78 Exam Practice Kit: Business Mathematics Sample proportion 0.55 0.55 0.50 1.58 So Z 0.0316 from table 1.58 0.0571 So the chances of 55% or more passing is 0.0571, approximately 5.7%. 9 Batch of invoices (i)

Standard error of the mean S £40 n 200 x 90 S SE √n 40 √200 £2.83

(ii) u x Z SE For 99% confidence limits Z 2.58 u 90 2.58 2.83 90 £7.30 lower limit £82.70 upper limit £97.30 10

Proportion of invoices containing errors: 20 0.10 200 q1p 1 0.1 q 0.9 p Z SE For 95% confidence, Z 1.96

(i) p

SE

√

pq n

√0.1 0.9 200

0.3 0.0015 200 SE 0.0212 0.10 1.96 0.0212 0.10 0.0416 Therefore lower limit 0.10 0.0416 0.584 i.e. 5.84% upper limit 0.10 0.0416 0.1416 i.e. 14.16% Both standard error formula contain √n as a denominator. (ii) Therefore if the sample size is quadrupled the range will be halved, and the accuracy doubled. √4n 2√n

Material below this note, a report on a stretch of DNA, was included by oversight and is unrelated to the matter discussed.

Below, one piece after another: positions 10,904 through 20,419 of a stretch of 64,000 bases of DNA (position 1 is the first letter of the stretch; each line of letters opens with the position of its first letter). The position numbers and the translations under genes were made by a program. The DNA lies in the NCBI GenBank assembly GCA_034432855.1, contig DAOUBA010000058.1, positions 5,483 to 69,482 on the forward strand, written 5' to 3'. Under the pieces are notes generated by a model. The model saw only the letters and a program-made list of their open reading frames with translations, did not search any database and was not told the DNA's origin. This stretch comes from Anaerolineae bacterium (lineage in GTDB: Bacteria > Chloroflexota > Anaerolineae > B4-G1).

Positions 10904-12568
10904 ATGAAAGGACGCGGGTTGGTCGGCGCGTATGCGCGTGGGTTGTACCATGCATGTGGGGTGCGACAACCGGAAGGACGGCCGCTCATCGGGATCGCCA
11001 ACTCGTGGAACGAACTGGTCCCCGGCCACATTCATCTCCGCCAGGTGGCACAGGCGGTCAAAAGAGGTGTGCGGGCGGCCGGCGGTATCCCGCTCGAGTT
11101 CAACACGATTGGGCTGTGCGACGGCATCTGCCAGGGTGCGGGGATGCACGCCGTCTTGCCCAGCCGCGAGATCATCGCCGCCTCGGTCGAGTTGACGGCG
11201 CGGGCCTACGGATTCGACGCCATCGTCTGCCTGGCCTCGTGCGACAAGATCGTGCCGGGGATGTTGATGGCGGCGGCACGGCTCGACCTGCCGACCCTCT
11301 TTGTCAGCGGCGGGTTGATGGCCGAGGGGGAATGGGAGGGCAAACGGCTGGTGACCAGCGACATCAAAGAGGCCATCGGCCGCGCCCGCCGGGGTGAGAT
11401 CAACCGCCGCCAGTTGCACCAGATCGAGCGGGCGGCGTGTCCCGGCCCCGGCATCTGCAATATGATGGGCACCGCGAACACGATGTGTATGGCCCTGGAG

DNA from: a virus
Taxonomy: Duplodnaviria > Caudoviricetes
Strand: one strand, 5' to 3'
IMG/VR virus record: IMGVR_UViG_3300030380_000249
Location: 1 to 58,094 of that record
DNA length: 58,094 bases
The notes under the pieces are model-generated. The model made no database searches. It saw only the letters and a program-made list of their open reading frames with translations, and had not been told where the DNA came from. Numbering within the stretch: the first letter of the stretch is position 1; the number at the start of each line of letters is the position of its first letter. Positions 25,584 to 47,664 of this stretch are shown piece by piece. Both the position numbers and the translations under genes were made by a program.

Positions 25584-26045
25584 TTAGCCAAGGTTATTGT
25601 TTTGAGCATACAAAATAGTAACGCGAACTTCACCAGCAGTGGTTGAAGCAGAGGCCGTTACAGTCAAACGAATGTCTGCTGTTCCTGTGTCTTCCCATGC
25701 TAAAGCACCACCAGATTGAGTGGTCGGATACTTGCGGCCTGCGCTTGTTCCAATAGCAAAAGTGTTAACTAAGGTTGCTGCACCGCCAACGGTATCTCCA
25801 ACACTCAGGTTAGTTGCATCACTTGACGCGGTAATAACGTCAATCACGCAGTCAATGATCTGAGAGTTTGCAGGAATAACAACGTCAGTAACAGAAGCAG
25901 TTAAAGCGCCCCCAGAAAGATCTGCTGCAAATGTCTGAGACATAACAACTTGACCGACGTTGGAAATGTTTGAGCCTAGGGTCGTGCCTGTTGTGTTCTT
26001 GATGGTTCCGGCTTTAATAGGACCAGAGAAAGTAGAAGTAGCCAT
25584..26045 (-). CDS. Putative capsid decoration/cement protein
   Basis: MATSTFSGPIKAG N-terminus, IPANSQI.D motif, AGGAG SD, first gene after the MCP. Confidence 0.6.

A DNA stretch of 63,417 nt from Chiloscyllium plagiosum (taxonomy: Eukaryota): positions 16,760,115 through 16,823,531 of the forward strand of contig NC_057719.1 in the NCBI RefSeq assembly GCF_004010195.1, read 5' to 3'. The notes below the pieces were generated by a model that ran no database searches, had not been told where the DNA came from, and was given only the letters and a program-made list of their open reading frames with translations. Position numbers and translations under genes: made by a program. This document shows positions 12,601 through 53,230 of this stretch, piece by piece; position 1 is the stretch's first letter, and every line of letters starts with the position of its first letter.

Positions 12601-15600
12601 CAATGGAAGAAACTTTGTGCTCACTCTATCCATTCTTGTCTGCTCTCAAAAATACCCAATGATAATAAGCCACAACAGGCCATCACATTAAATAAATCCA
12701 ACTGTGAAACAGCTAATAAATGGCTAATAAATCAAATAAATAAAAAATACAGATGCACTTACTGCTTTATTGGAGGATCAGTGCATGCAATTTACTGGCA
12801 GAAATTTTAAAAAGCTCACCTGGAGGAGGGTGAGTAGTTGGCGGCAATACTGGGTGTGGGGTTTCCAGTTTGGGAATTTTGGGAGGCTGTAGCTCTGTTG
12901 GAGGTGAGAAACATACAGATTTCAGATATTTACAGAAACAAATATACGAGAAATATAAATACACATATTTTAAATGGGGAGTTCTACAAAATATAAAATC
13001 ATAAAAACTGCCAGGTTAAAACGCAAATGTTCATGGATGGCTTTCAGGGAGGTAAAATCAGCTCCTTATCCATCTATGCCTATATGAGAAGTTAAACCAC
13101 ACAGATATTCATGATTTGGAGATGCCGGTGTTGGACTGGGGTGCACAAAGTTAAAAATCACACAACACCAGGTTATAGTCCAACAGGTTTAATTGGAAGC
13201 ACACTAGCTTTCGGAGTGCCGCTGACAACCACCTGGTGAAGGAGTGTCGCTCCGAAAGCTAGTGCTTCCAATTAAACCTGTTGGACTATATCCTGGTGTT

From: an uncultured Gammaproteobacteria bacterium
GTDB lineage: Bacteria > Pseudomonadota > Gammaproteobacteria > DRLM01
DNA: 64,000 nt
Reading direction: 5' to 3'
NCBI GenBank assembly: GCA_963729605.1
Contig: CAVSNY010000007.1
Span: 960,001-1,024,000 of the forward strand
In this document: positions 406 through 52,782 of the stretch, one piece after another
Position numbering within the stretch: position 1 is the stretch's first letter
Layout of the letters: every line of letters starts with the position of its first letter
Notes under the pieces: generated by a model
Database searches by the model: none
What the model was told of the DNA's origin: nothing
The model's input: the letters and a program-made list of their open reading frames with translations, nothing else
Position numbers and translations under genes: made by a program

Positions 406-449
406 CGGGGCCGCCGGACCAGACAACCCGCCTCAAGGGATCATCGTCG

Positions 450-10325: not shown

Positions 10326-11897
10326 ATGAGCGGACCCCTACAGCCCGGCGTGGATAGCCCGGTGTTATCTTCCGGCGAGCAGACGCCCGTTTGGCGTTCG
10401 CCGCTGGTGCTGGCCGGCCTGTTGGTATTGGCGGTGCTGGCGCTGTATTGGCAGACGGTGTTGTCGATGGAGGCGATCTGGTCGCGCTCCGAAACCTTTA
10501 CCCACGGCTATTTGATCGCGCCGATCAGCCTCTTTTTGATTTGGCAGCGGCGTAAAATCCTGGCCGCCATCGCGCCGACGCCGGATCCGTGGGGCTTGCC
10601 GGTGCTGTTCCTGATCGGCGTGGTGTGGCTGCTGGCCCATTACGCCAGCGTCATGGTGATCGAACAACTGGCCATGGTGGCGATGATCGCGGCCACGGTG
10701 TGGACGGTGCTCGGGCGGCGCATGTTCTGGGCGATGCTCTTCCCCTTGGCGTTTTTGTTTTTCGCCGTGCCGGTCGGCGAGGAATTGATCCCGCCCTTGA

The Normal Distribution 79

Multiple choice questions Questions 1–7 are based on the following information A group of workers have a weekly wage which is normally distributed with a mean of £360 per week and a standard deviation of £15. 1

What is the probability a worker earns more than £380? A B C D

2

What is the probability a worker earns less than £330? A B C D

3

1% 15% 20% 25%

What are the limits which enclose the middle 95%? A B C D

7

50% 75% 90% 95%

What is the probability a worker earns between £370 and £400? A B C D

6

5% 4% 2% 0%

What is the probability a worker earns between £330 and £390? A B C D

5

1% 2% 3% 4%

What is the probability a worker earns more than £420? A B C D

4

4% 5% 7% 9%

£330.60 and £389.40 £325.05 and £394.95 £320.40 and £400.40 £300 and £450

What are the limits which enclose the middle 98%? A B C D

£330.60 and £389.40 £325.05 and £394.95 £320.40 and £400.40 £300 and £450